— the Washington Post

As the audience filed out, you could almost hear the mental loop playing in everyone's heads: "Roll over, Beethoven, and tell Tchaikovsky the news."

Chuck, in 1957,  you said, "Maybe someday, your name will be in lights." But did you ever dream of anything like this

* * * * * *

John Lennon once said, "If you would try to give rock 'n' roll another name, you might call it Chuck Berry."  So began a movie documentary tribute to Chuck Berry in celebration of his 60th birthday entitled Hail! Hail! Rock 'n' Roll that was released in 1987. It featured a number of brief interviews of other rock 'n' roll giants in which they commented about their admiration for Chuck. A couple of notable examples follow:

  • "My  favorite song from Chuck is all of 'em . ... He's my favorite rock artist, and he always have [sic] been."                                                                                                                      Little Richard
      
  • "He's the king of rock 'n' roll. ...Chuck Berry is the greatest. He's the Hank Williams of rock 'n' roll."  
                                                                                                                      Jerry Lee Lewis
     
     

According to the internet music streaming service, Pandora Radio, (no author credit given):

"Of all the early breakthrough rock & roll artists, none is more important to the development of the music than Chuck Berry. He is its greatest songwriter, the main shaper of its instrumental voice, one of its greatest guitarists, and one of its greatest performers. Quite simply, without him there would be no Beatles, Rolling Stones, Beach Boys, Bob Dylan, nor a myriad others. There would be no standard "Chuck Berry guitar intro," the instrument's clarion call to get the joint rockin' in any setting. The clippety-clop rhythms of rockabilly would not have been mainstreamed into the now standard 4/4 rock & roll beat. There would be no obsessive wordplay by modern-day tunesmiths; in fact, the whole history (and artistic level) of rock & roll songwriting would have been much poorer without him. Like Brian Wilson said, he wrote "all of the great songs and came up with all the rock & roll beats." Those who do not claim him as a seminal influence or profess a liking for his music and showmanship show their ignorance of rock's development as well as his place as the music's first great creator. Elvis may have fueled rock & roll's imagery, but Chuck Berry was its heartbeat and original mindset. "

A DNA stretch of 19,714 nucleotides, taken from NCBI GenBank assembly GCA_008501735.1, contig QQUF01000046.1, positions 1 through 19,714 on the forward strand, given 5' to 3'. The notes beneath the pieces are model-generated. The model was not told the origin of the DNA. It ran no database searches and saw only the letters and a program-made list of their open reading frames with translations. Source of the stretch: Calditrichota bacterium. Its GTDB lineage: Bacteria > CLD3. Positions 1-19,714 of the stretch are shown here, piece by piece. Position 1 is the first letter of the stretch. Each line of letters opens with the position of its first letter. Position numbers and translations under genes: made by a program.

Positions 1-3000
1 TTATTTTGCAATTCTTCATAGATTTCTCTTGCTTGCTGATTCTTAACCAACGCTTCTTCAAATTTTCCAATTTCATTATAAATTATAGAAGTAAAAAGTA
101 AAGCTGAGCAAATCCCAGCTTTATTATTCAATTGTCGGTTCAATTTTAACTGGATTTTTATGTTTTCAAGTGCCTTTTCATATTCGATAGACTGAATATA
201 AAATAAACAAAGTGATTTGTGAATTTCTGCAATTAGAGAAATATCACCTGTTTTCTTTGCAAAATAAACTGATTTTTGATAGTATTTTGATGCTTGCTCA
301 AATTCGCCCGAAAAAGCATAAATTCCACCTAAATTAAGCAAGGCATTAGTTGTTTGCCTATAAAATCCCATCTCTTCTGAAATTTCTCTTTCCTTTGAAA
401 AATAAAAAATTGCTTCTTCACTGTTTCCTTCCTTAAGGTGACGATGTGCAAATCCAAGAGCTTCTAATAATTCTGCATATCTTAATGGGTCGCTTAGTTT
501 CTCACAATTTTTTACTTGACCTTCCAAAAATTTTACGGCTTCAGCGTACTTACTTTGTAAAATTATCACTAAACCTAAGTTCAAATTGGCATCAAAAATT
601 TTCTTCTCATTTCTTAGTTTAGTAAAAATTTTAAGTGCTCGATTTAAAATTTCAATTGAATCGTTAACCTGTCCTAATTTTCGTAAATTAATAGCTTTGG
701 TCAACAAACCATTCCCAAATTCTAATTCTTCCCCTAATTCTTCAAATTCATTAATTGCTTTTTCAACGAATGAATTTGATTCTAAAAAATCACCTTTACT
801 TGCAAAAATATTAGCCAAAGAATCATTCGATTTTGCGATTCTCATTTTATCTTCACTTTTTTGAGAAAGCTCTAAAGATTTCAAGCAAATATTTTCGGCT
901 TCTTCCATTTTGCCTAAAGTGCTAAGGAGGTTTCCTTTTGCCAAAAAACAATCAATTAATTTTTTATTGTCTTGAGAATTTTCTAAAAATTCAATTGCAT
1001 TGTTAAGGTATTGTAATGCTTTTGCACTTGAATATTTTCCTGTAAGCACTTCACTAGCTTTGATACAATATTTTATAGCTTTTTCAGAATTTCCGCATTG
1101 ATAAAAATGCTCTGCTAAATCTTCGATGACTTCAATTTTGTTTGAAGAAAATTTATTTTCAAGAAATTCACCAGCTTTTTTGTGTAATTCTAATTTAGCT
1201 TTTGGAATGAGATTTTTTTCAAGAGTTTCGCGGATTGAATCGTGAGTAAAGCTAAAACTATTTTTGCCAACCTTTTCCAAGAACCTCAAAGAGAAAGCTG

The Class of 1960 offers its sincere thanks to you, Chuck Berry. We are deeply grateful to you for helping to make our teenage years so very special and for entertaining us and keeping us rocking yes, and keeping us young since 1955!   

On October 18, 2016, Chuck Berry turned 90 years of age!! He brought us all so much joy, and now he is gone. But he left so much for us to treasure and remember him by.

Chuck, you were the man ¾  the undisputed grand old man of rock 'n' roll!!

 Rock on,

Johnny B. Goode!

 

                

 

    

In the opinion of many, the obviously autobiographical Johnny B. Goode was the finest among Chuck Berry's outstanding works. Click on the links below for other examples of Chuck Berry's recordings (more than anyone else's) featured on this site: